Artificial Intelligence Will Enhance the Humanity of Health Care

Friday, Nov. 30, 2018

Artificial intelligence (AI) has a far more important role to play in health care than replacing experts, according to Fei-Fei Li, PhD. AI will instead assist and enhance the work of clinicians.

During her Thursday lecture, Dr. Li, professor in the Stanford University Computer Science Department and co-director of the upcoming Stanford Human-Centered AI Institute, discussed her research into endowing health care spaces with ambient intelligence. By infusing AI into the physical space of a health care delivery system, she said, we then can find opportunities to improve.



"People are physical bodies being cared for in highly complex, physical spaces in a 24/7 environment," Dr. Li said. "Using ambient intelligence can allow health care to become safer and offer higher quality care and delivery for the patient while optimizing workflow for the physician."

Dr. Li's team is working toward a truly ambient intelligence in health care environments by investigating a variety of ways in which AI can learn and ultimately enhance workflows. She described three key "ingredients" to their work: sensing, recognizing activities and integrating clinical data into the ecosystem.

She described the use of depth sensors, a technology that detects activity while preserving privacy. By placing sensors throughout a physical space, data can be collected about activity over time and space. For example, her team has employed sensors to monitor hand washing activity, creating a remarkably accurate record of hygiene compliance in a hospital. In another project, the team is looking at the variability of activities that take place in an ICU. "I don't have to convince you how important it is to improve care and control costs in the ICU," she said.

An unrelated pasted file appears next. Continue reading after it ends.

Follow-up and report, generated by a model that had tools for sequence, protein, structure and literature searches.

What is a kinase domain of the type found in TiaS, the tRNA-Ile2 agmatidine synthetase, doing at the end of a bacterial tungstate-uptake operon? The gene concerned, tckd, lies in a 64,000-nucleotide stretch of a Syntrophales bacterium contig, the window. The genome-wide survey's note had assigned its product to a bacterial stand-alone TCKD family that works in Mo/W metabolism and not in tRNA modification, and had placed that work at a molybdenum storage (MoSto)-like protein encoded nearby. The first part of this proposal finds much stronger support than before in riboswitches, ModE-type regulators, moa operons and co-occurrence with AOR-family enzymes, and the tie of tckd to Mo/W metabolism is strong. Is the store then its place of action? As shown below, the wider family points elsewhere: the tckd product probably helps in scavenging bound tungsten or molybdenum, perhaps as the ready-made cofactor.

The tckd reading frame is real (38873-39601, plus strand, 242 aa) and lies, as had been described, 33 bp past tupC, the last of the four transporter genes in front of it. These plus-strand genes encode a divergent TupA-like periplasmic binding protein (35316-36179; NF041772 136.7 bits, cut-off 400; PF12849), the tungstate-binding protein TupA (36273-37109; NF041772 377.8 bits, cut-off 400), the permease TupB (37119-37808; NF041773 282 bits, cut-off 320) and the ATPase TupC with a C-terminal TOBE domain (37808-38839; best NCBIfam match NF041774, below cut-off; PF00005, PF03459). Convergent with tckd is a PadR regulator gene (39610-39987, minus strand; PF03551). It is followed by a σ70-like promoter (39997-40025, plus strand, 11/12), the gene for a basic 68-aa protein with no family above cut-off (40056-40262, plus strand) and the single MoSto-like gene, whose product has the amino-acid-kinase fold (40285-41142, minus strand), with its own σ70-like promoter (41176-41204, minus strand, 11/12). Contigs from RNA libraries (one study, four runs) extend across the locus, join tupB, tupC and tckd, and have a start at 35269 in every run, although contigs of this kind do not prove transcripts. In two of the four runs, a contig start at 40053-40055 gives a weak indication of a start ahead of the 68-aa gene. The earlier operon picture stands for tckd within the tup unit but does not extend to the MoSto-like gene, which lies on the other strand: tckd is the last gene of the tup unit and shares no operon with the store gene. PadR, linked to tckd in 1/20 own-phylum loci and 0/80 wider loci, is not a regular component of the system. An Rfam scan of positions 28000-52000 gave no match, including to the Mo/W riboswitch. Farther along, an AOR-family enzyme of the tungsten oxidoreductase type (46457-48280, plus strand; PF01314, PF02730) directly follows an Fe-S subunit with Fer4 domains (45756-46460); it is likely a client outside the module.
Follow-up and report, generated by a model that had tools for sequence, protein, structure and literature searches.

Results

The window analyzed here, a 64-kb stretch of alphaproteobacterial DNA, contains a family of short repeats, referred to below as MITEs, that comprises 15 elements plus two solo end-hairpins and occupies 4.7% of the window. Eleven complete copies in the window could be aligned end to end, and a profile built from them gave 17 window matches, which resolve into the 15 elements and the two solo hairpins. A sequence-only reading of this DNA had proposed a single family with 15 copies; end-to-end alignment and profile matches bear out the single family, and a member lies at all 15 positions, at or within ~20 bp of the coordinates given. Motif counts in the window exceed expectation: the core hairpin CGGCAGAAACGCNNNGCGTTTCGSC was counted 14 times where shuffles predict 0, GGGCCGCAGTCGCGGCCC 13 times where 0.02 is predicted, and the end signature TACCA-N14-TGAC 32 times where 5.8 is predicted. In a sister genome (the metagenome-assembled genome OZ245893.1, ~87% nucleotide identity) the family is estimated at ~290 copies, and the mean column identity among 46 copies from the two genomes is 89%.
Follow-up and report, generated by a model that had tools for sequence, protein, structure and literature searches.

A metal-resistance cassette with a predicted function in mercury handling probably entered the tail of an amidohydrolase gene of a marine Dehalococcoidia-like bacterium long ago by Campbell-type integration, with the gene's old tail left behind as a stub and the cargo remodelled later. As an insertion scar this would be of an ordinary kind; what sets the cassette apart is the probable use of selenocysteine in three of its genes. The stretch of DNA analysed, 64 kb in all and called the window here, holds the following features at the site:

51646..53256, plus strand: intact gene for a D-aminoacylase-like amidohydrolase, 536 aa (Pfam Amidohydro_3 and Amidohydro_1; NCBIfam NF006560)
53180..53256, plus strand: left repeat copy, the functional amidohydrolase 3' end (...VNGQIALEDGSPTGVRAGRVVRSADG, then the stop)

"Somehow AI needs to be able to recognize the densely and simultaneously occurring activities and behaviors that occur in a health care space and that are within our range as humans," Dr. Li said. "This is complex because the ways that humans move through space can be recognized differently by computers."

Eventually, Dr. Li believes that AI can get to place where it can detect and reason the type of actions taking place and identify the activity that should take place next. For example, in senior care, Dr. Li noted the importance of patient mobility and understanding how a patient is moving or, in the case of a fall, not moving.

Dr. Li also discussed how to integrate all this data into the broader clinical ecosystem. "All this collected data needs to be integrated into an ecosystem that makes it available so that humans can understand the decision-making processes taking place in a health care setting to ultimately benefit the delivery of health care," Dr. Li said.

In the future, she sees ambient intelligence being infused into whole hospitals where sensors are monitoring every activity and where AI will move beyond recognition to forecasting health care activities in order to improve efficiency and accuracy.

The future of AI is in collaboration with humans, and clinicians working together with AI agents will ultimately enhance the humanity of health care, she said.

"The heart of health care is humans caring for one another," Dr. Li concluded. "We are working to enhance the interaction between patients and clinicians and let clinicians focus on providing care."